Our ‘train host’ the other day was a spotty adolescent boy, who, lugging his trolley of acrid coffee and junk food down the aisle of the carriage, muttered ‘refreshments’ now and then in a costive, grudging monotone. I wondered if Cross Country trains have a ‘mystery traveller’ from their Department of Twaddle and Inanity who would report him and get him sent on a Loquacity and Prattle Awareness Course of the kind Marks and Spencer’s employees are obviously required to attend. If I were sure that such a company prefect existed, I’d have given the lad my own award for Cutting the Crap, just as a bit of a morale booster, because his colleagues get right up my bloody nose with their chirpy obsequiousness. ‘Any refreshments from the trolley?’ one of them quacks over and over, as she plies the aisle. There is no other source of refreshment on the train, so the waste of breath is obvious, but no doubt the initial training day emphasises cheeriness and enthusiasm for trundling up and down the carriage with a crateful of cardboard butties and fatty chocolate. This must be the case; one of her colleagues outdoes her with his chant of ‘any refreshments at all on this service this afternoon, ladies and gentlemen?’ I mean, like, what? I am tempted to say, ‘no, not this afternoon, but could you have a chilled Chardonnay waiting for me on the 17.25 Peterborough to Leeds on the twenty-first of next month? Round about the time we hit Grantham?’ Now that, you see, would make him understand that his mantra is overly specific, and violates Grice’s Maxims of Quantity, viz.:
1. Make your contribution to the conversation as informative as necessary.
2. Do not make your contribution to the conversation more informative than necessary.
At this juncture, no doubt, the boy would with some justice advance the objection that this is a service encounter and Grice’s maxims do not apply, elaborated as they were for conversation and not transaction. To which I would counter that the third Maxim of Manner: ‘Be brief. Avoid unnecessary wordiness’ is always applicable to other people as far as I am concerned, so I win and he can fuck off.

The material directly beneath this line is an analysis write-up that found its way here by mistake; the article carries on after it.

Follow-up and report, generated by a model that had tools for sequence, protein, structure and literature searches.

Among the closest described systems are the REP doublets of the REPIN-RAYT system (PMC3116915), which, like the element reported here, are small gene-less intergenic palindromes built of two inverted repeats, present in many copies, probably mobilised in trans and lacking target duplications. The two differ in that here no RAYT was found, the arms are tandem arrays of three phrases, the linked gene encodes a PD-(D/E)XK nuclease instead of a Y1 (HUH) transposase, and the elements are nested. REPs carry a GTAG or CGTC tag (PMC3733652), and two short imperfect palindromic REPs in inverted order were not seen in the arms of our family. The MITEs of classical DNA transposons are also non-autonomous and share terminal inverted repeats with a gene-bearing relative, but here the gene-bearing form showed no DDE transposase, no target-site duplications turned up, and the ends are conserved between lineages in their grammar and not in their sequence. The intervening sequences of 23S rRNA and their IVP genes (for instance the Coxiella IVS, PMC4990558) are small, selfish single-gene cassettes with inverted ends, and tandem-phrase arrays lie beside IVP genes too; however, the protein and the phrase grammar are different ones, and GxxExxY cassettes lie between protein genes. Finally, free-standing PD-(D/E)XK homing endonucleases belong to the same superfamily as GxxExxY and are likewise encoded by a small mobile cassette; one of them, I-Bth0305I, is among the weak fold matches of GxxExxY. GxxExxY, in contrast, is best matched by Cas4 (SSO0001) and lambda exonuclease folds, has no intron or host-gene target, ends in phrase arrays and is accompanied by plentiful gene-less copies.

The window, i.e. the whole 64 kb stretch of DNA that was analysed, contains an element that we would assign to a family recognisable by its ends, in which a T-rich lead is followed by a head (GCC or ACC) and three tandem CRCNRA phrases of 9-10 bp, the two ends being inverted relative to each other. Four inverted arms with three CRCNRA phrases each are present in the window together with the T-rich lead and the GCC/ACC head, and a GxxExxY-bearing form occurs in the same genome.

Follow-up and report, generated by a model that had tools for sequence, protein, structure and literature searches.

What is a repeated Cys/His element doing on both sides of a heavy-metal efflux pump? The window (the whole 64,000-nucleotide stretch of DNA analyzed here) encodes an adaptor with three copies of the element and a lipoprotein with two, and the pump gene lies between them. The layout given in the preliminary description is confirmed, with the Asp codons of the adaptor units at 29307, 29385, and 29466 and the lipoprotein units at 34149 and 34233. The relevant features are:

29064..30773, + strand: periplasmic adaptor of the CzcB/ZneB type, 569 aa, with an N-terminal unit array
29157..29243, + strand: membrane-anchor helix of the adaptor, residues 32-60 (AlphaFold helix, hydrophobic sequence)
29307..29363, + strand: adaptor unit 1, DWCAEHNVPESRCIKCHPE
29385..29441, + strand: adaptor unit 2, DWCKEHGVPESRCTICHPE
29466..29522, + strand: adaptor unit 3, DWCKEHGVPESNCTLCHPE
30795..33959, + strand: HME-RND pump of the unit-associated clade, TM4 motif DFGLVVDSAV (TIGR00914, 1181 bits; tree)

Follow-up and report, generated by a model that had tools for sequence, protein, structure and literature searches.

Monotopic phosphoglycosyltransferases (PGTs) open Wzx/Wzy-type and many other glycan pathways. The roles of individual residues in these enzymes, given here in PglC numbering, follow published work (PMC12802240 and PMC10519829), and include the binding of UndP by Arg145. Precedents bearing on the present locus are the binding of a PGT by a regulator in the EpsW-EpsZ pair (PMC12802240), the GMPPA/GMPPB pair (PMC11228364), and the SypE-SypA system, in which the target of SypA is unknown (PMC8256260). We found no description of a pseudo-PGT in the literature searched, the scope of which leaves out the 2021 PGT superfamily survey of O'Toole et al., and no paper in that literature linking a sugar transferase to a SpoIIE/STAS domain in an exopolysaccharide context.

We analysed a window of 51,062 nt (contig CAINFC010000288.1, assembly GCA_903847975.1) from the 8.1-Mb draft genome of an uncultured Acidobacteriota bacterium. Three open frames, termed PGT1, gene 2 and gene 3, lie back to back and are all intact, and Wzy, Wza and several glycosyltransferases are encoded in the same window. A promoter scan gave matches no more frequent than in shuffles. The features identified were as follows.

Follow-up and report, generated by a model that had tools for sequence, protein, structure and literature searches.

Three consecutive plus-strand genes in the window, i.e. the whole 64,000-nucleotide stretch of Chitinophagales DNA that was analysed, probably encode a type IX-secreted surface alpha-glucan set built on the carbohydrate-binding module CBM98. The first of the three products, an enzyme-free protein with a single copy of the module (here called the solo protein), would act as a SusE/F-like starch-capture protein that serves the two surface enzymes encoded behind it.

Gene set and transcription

And I haven’t finished yet, it’s not just train hosts. There is an announcer at the station who plays little games with stress patterns. He has the now ubiquitous announcer’s habit of pointlessly stressing prepositions: ‘we apologise for any inconvenience caused to your journey.’ Then there’s the ‘East Midlands Trine Service to Nottingham’, as distinct, I suppose, from the East Midlands Tea Service to Nottingham, or the variation ‘East Midlands Trine Service to Nottingham’, as opposed to… No idea. It doesn’t mean anything, you daft sod.
Recently, he has decided that Announcerese is topic prominent:
‘The trine now standing at platform one, this is thee 13.16 Cross Cunt-ray trine service to Birmingham New Street.’
‘The next trine to arawve at platform two, this will bee thee 15.17 trine service to Stansted Airport.’
I can’t help but get the impression that with all these little flourishes and variations, the bloke imagines himself to be one shit-hot exponent of the announcer’s art, pushing the envelope of the genre, a cut above the other drones who just stress English logically. I want to sit him down and show him how to stop trouncing English. Stress matters. It conveys meaning. It separates the salient from the incidental. It is not to be arsed about with. Lots of my students pass through that station, and he is setting a very bad example.
I know, I should get a bloody life. This is what thirty years of teaching English and living alone will do to your head. Any young person considering ELT as a career is hereby warned. As you are, so I once was; and as I am, so you might very well be.